Published on October 18th, 2015 | by Varuna Singh2
Understanding Huawei and Honor’s strategy – #Honor7ME
Huawei is a massive company. A multi-billion dollar technology company of over $46b in revenue -with products and services from networking, silicon fab and smart phones. Huawei as the consumer knows would be from their latest push in smart phones and modems.
Honor is Huawei’s sister company
Huawei has an entirely owned sister company called Honor. What Honor has been doing ever since it launched the Honor 6 plus is make it an online brand only. That means your only direct means to get the Honor phone should you choose to buy, is going to be through its partnerships with e-commerce vendors across the region. Souq.com started its exclusive sale for the Honor 6 plus which was heavily advertised.
The other bit is if you would want an Honor phone. Are they any good? Why have honor while you have Huawei’s P8, Ascend and the newly announced Mate S series? According to Huawei, it’s all about the brand and target audience.
“Brand and target audience”
Last week, Honor launched their Honor 7. It’s not the 7th in its series, but in-fact it’s just the second version. The 6 and 7 is just playing catchup in nomenclature with the competition from the likes of Samsung and Apple. Starting from its name, Honor is positioning itself directly as an alternative.
— TechView.me (@TechViewME) October 12, 2015
Chris Sun Baigong Vice President of Huawei Honor in the Middle East commented, “The Honor 7 clearly demonstrates our capability to offer young tech savvy consumers in the Middle East, a smart phone that far exceeds their expectations. Not only that, but due to our unique factory to consumer business model which eliminates the need for bricks and mortar stores, we can offer a phone that inspires action and creativity at a surprisingly accessible price.”
“Honor’s unique business model”
Honor is a sub brand of Huawei and right now it’s already the world’s number 1 smart e-brand. By nature, it is for “digital natives” – a term that Mr. Chris Sun VP of Honor Middle East said. It has a unique business model – it sells its products online only. Honor is deeply rooted to the internet and it knows majority of internet users are young by mindset. That saves Honor’s the cost of mid-man and it benefits by then serving their users in the best way, directly. Synonymous to your Jumbo’s and SharafDGs of the world, Honor’s partners are e-commerce websites around the world. The new age retailers like Souq.com that Honor has given exclusivity to. Globally, Honor reached 18 countries, targeting over 3.2billion people. In a single day, Honor sold 2 million units that contributes over US$300 million in revenue. That’s quite smart. Honor also has some key partnerships with apps and consumer services like Gameloft and MixRadio that may be bundled with the device it-self.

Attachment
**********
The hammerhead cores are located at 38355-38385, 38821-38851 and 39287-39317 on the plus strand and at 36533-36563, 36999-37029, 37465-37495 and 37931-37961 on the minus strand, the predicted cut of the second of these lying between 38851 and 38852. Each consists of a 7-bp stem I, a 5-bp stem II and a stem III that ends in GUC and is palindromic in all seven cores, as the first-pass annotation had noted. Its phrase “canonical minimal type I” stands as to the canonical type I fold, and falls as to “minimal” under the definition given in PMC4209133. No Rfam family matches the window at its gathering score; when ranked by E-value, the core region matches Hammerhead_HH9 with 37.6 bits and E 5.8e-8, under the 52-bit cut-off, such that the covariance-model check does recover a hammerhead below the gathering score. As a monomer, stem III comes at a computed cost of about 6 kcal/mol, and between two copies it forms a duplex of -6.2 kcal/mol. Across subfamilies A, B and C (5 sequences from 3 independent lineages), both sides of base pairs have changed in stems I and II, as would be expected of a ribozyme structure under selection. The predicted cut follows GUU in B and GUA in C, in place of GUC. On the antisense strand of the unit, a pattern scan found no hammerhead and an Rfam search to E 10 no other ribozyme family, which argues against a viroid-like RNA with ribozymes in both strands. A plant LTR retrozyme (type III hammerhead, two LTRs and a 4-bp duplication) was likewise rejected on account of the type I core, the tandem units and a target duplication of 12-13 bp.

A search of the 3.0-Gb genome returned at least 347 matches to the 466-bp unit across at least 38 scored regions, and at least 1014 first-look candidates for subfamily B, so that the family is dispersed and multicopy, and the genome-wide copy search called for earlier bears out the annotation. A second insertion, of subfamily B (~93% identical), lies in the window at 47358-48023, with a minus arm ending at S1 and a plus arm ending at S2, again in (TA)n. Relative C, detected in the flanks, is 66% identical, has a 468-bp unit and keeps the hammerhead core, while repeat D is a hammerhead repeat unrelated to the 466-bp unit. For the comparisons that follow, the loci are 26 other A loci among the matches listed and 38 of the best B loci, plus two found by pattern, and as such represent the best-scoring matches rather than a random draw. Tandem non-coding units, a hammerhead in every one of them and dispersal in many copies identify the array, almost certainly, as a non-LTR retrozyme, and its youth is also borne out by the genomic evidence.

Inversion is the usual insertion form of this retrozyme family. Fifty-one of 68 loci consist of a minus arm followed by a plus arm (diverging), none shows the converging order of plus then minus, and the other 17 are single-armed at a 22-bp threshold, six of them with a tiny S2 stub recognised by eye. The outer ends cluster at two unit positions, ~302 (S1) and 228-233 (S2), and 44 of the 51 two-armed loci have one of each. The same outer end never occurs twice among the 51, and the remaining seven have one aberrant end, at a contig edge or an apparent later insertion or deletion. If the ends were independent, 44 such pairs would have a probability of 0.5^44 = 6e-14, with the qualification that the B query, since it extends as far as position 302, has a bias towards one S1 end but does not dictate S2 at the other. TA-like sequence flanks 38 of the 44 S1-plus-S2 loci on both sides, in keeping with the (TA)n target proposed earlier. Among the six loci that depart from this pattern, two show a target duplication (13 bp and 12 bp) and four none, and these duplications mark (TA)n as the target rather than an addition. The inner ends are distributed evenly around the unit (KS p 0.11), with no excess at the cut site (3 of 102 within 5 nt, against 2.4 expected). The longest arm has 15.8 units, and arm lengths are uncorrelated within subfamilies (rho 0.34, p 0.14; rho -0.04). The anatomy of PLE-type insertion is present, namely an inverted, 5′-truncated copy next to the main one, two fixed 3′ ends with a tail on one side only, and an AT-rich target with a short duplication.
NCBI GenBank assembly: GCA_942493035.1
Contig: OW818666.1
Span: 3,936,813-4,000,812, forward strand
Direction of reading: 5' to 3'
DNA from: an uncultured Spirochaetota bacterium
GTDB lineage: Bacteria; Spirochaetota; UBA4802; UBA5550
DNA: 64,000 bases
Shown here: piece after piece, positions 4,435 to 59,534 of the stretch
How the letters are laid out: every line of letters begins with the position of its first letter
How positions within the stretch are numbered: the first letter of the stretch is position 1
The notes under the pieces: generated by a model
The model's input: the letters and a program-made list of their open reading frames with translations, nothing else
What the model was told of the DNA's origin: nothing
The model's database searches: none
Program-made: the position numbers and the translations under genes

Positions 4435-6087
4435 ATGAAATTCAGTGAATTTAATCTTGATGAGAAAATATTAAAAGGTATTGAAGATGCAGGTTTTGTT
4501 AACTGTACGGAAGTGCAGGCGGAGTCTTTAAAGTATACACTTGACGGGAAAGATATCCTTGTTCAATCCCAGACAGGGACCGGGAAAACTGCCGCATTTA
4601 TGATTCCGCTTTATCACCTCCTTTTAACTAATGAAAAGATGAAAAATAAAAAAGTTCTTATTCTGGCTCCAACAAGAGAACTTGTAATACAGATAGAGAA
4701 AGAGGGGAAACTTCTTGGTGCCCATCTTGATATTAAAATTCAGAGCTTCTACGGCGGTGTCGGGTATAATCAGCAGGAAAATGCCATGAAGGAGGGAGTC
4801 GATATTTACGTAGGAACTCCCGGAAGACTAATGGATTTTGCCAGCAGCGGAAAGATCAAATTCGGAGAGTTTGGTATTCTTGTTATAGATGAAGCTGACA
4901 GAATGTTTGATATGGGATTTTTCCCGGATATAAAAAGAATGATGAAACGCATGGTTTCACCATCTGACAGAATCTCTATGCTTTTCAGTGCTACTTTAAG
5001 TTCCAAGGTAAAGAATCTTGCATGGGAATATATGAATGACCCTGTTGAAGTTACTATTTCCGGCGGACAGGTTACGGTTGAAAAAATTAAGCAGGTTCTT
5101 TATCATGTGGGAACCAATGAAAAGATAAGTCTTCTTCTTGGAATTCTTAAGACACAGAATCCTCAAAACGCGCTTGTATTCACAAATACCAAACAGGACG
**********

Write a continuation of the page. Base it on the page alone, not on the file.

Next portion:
“Souq.com gets exclusive sale rights once again”
As a brand, I see Honor as the One Plus. The target audience is a younger mindset of customers. The kind of people who want more out in specs and design at a healthy and strong price-point. It’s kind of the essence Android famously put by the Nexus series and as an entry point to anyone that loves Android for what it is. On more than one occasion you find software in the high-end cheap phones flaky but it’s slowly coming to a point where differentiation is making sense. The thing that makes Honor on the right path to success is that it looks at itself as a young company. It likes to think of itself as an inspiration to other brands and is constantly being inspired by others and its customers. It’s the kind of bold move that needs to go deep in its bigger brother organization, Huawei.
The Honor 7 is really THAT kind of phone. It comes out with Huawei’s latest flagship – the Mate S. But when I talked with an Honor representative the reason for the differentiation was more based on target audiences. Let’s look at those two phones.
The Honor 7 is a metallic air brushed 5.2” encased phone that’s at that size to be comfortable in your hand. The P8 had a 5.2” screen and the Mate S has a 5.5” screen. It has a self-learning fingerprint reader and scanner that also acts as a gesture pad that can be triggered to bring the notification, swipe through the gallery, etc. You can even talk aloud to the Honor 7 and say “Where are you?” and it would reply by saying out loud “Here.”. Yep.
— TechView.me (@TechViewME) October 12, 2015